Key Concepts
Forces, friction, symmetry
A blowdryer and pinwheel

Introduction

Have you ever played with a toy pinwheel, or seen larger real-life versions like a windmill or wind turbine? Have you wondered why all the blades are symmetric? Why can’t they get away with just one blade? Try this project to find out!

This activity is not appropriate for use as a science fair project. Good science fair projects have a stronger focus on controlling variables, taking accurate measurements, and analyzing data. To find a science fair project that is just right for you, browse our library of over 1,200 Science Fair Project Ideas or use the Topic Selection Wizard to get a personalized project recommendation.

Background

Spinning blades are used in a wide variety of machines. There are blades that harvest energy from the air, like on windmills and wind turbines. The wind pushes on those blades, making them spin. There are blades that use a power source, like electricity or a motor, to push on the air – sometimes to move the air (like a fan), or sometimes to move an object through the air (like a propeller on a plane or helicopter).

One thing all of these blades have in common is that they are symmetric. This means they are equally spaced around the center, or “balanced.” There might be two blades directly across from each other, or four blades that form a “cross” and meet at right angles in the middle. There could even be an odd number of blades (for example, three blades evenly spaced would be at 120 degree angles to each other). Why is it important for the blades to be symmetric? Why don’t you see windmills with just one blade, or two blades on the same side? This project will help you understand.

Materials

  • At least one pinwheel
  • Hair dryer
  • Scissors
  • Adult supervision for using the hair dryer

Procedure

  1. Turn on the hair dryer.
  2. Hold the pinwheel about a meter away from the hair dryer. Gradually move it closer to the hair dryer until it starts spinning (if your arms aren’t long enough to hold both at once, have one person hold the hair dryer while the other person holds the pinwheel). How close does the pinwheel have to be before it starts spinning?
  3. Now, use scissors to cut one blade off of the pinwheel. This makes the pinwheel asymmetric because the remaining blades are no longer evenly spaced around the center.
  4. Hold the pinwheel about a meter in front of the hair dryer again, and gradually move it closer until it starts spinning. How close does the pinwheel have to be before it starts spinning this time?
  5. Use scissors to cut another blade off the pinwheel. Depending on how many blades your pinwheel had initially, you will have to make a decision about which blade to cut, and whether the pinwheel remains asymmetric, or becomes symmetric again. For example, suppose your pinwheel had 4 blades to start. When you cut off one blade, it has 3 unevenly spaced blades, so it is asymmetric. Now, you can cut off a second blade next to the one you just cut off, so the pinwheel will still be asymmetric, with 2 unevenly spaced blades. Or, you could cut off a second blade across from the one you just cut off. This will make the pinwheel symmetric again, with 2 blades directly across from each other. If you have more than one pinwheel, you can try different combinations.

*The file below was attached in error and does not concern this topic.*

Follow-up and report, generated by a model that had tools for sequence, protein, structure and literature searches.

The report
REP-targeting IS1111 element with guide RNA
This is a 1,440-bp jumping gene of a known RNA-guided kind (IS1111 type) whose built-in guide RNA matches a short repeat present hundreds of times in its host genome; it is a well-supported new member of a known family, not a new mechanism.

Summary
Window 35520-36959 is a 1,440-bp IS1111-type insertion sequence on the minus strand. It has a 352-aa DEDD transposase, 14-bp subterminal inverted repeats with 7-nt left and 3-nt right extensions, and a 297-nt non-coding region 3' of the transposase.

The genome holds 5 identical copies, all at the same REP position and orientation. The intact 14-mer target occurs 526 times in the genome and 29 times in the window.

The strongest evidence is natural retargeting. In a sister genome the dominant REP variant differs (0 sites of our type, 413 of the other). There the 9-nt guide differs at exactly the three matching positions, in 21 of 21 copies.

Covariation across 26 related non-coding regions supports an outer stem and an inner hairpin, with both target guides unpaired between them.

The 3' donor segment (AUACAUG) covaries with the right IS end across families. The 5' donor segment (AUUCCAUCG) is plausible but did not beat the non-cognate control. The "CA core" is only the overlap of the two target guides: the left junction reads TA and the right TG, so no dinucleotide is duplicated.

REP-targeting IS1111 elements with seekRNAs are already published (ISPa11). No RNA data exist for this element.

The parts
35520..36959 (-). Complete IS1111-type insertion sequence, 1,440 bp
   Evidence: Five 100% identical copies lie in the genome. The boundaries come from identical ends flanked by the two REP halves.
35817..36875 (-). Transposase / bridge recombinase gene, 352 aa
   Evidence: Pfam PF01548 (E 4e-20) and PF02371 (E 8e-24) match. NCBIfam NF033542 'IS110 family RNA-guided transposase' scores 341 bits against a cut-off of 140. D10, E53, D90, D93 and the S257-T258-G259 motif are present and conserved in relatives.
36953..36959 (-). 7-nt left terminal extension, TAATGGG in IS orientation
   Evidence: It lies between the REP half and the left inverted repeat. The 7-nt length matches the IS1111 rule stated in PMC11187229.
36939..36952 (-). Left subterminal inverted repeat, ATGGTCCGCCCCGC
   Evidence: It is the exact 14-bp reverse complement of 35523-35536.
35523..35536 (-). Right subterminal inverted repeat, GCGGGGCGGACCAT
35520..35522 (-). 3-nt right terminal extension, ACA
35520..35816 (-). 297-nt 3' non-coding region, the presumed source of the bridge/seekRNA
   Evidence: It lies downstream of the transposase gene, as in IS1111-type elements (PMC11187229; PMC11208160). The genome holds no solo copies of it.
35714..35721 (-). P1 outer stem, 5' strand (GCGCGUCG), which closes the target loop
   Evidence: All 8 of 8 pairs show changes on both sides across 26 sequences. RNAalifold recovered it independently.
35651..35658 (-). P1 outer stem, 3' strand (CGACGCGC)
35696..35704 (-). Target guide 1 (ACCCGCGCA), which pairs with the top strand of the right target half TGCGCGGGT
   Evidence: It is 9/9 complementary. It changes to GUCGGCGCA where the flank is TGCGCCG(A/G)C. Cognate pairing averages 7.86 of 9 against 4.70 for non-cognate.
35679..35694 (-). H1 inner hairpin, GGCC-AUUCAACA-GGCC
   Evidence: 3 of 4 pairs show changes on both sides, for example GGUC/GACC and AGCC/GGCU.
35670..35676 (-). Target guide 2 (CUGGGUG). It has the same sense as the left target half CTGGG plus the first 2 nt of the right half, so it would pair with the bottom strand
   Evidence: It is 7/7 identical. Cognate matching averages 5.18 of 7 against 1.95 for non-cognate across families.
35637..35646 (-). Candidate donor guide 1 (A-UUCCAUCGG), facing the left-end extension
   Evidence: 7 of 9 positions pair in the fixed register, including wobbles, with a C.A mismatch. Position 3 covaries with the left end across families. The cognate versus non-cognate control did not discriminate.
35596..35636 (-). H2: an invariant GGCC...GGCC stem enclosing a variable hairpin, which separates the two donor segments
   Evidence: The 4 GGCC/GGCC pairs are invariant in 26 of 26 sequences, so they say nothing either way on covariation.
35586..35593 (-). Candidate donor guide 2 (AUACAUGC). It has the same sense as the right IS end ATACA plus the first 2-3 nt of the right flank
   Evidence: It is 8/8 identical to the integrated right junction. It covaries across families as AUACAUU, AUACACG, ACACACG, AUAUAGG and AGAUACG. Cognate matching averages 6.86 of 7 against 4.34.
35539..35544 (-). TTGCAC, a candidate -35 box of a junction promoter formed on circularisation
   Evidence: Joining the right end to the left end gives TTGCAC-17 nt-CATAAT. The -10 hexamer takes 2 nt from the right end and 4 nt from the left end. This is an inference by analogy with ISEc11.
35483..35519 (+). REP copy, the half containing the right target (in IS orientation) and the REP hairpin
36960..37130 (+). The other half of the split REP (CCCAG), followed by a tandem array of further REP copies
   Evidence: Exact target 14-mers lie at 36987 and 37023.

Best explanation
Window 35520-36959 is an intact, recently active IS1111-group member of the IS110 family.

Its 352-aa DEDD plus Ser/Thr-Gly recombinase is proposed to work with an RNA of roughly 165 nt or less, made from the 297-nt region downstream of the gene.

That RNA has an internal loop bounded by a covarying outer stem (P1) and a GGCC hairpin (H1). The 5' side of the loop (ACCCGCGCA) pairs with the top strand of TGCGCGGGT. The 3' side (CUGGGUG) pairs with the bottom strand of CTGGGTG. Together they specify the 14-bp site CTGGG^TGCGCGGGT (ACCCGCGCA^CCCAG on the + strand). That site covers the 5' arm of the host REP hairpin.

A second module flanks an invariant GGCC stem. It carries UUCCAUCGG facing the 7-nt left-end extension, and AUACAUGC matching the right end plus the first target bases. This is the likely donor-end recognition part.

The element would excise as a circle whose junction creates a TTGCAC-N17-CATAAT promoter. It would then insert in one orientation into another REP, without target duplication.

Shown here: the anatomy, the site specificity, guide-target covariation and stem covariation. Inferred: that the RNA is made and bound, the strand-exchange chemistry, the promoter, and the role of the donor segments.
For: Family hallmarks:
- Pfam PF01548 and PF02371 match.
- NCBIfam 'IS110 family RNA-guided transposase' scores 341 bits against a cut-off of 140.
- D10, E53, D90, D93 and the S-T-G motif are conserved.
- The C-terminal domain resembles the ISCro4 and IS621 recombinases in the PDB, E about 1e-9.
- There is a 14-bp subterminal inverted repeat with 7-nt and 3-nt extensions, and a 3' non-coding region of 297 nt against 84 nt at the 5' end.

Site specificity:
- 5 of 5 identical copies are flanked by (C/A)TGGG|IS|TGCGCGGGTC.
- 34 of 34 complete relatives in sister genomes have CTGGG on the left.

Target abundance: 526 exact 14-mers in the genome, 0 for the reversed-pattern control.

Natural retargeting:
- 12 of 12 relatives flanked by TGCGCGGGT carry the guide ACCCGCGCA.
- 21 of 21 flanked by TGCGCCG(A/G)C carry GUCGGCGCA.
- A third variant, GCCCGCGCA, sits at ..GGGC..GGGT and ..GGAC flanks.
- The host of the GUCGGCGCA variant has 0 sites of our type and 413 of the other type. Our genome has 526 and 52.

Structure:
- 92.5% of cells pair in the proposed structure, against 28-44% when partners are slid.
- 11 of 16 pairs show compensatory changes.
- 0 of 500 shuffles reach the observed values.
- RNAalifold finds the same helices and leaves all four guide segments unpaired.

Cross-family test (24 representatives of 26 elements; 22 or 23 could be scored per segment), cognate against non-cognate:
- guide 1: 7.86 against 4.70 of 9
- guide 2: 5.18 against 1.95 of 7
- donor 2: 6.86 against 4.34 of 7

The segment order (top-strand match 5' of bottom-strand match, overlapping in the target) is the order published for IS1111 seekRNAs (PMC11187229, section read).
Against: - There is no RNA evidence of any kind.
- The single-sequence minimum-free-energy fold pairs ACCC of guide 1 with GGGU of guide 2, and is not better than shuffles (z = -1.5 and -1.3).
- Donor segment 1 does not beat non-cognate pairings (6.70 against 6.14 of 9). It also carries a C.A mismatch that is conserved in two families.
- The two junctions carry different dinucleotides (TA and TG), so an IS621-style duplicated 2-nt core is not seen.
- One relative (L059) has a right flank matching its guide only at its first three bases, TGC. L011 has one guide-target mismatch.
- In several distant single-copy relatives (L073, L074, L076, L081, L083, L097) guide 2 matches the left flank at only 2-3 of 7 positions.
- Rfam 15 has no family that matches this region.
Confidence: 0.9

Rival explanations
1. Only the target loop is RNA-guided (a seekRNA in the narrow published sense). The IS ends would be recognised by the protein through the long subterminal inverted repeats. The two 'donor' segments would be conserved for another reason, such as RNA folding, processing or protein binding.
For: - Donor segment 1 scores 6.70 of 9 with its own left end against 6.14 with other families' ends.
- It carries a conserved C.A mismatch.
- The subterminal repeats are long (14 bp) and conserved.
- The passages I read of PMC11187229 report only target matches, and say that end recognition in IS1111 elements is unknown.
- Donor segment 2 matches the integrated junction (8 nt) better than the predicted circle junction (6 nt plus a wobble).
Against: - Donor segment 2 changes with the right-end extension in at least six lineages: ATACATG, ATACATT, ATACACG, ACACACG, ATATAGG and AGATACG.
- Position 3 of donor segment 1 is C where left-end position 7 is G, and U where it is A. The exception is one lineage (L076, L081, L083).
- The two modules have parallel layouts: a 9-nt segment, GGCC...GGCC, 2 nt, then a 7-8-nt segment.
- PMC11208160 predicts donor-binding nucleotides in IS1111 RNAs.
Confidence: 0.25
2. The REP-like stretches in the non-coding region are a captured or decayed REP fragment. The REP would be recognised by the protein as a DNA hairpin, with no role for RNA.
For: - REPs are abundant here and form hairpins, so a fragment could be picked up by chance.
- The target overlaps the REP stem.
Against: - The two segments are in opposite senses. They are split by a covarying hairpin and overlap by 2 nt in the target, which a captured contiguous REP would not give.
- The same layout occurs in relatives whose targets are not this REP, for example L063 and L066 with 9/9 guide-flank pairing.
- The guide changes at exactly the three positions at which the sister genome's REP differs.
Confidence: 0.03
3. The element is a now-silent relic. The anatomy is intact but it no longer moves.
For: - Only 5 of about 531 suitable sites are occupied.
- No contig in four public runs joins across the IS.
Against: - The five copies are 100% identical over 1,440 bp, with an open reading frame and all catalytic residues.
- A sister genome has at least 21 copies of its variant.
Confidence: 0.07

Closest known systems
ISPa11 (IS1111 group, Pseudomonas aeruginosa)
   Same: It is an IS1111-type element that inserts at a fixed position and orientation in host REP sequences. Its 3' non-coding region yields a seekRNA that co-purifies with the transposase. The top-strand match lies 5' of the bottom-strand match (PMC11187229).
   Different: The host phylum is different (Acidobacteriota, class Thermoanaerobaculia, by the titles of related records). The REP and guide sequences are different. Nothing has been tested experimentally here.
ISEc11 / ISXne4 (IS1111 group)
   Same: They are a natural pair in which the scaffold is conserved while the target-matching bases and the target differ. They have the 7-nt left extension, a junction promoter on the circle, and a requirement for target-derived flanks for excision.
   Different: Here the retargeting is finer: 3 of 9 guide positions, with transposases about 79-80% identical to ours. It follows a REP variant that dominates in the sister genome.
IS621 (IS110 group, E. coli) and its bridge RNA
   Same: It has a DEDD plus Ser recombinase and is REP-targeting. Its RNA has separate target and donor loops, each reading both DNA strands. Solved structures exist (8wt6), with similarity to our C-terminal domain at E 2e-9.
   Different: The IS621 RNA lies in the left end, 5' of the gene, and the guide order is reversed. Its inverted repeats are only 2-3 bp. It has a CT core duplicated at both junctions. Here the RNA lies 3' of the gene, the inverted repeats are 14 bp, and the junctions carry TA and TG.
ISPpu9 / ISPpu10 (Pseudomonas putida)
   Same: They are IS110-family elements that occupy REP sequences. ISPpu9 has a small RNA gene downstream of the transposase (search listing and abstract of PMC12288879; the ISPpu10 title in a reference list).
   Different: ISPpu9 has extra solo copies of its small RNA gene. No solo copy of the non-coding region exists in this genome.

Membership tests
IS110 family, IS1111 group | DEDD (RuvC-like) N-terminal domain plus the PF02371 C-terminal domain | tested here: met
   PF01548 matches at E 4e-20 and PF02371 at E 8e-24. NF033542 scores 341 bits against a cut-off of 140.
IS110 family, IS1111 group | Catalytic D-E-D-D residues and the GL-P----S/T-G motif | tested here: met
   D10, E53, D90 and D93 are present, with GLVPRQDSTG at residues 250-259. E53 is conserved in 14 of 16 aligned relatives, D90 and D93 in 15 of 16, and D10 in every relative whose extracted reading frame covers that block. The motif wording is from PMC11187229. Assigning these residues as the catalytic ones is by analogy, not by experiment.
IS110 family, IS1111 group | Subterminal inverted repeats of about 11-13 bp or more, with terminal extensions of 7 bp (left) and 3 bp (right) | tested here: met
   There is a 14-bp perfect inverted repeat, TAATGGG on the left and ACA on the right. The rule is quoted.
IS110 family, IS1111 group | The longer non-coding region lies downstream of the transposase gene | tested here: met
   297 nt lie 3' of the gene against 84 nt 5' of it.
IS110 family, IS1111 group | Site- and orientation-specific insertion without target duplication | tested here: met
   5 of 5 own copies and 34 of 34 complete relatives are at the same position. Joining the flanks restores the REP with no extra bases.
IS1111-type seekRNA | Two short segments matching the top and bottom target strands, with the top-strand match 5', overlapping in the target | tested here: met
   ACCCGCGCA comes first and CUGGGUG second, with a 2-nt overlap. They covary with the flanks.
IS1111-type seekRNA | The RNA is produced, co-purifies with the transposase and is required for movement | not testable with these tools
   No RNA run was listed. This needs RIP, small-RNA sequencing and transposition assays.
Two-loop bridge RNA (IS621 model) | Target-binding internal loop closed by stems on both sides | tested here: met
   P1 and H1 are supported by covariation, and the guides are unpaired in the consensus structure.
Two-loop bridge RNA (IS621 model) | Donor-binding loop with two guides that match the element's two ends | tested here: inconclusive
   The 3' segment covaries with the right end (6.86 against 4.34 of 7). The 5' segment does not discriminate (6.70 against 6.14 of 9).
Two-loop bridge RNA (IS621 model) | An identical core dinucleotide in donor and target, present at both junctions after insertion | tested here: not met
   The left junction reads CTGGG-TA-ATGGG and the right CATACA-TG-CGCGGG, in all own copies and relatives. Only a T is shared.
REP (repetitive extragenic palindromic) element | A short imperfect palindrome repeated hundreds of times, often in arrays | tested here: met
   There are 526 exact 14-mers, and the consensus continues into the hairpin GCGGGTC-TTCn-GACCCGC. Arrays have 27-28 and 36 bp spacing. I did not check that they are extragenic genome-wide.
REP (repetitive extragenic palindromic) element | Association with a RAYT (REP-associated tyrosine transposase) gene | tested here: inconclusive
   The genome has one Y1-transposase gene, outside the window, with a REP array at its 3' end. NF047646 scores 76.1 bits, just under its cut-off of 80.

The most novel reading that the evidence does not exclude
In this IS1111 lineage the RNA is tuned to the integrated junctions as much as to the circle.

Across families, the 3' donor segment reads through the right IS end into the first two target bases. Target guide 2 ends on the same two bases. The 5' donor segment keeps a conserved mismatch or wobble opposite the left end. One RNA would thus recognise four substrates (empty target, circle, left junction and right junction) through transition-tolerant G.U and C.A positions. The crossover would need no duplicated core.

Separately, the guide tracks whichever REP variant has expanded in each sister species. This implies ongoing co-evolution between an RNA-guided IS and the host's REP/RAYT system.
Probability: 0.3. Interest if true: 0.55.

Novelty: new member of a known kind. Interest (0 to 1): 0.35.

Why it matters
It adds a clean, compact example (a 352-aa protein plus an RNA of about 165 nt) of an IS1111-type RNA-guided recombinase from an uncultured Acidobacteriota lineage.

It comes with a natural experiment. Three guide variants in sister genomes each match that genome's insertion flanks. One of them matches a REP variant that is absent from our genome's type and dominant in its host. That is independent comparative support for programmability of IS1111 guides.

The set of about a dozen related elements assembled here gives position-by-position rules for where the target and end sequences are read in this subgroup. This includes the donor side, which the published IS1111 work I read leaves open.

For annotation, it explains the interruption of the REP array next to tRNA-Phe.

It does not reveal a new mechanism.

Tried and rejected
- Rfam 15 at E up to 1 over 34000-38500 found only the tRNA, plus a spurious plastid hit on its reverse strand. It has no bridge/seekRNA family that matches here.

6. Hold in the pinwheel in front of the hair dryer again and see how close it has to be to start spinning.
  7. Keep repeating this process until your pinwheel only has one blade left.
  8. Does the number of blades affect how easily the pinwheel spins? Do you have to hold the pinwheel closer to the hair dryer sometimes?
  9. Does how easily the pinwheel spins depend on whether the blades are symmetric or asymmetric?

Extra: Use a ruler or measuring tape to record how far the pinwheel has to be from the hair dryer for each trial. Then you can make a graph of your results, with the distance from the hair dryer vs. number of blades.

Observations and Results

You should have seen that it was “easiest” for the pinwheel to spin when it had a larger number of symmetric blades. As you removed blades, you might have needed to hold the pinwheel closer and closer to the hair dryer to make it spin. This is especially true if the blades were asymmetric. This can cause the blades to “wobble” and create more friction on the pinwheel’s axle (the rod that supports the blades). Higher friction makes it harder for the blades to spin, meaning the wind must be stronger – so you have to hold the pinwheel closer to the hair dryer to get it to spin.

More to Explore

Credits

Ben Finio, PhD, Science Buddies

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Key Concepts
Forces, friction, symmetry
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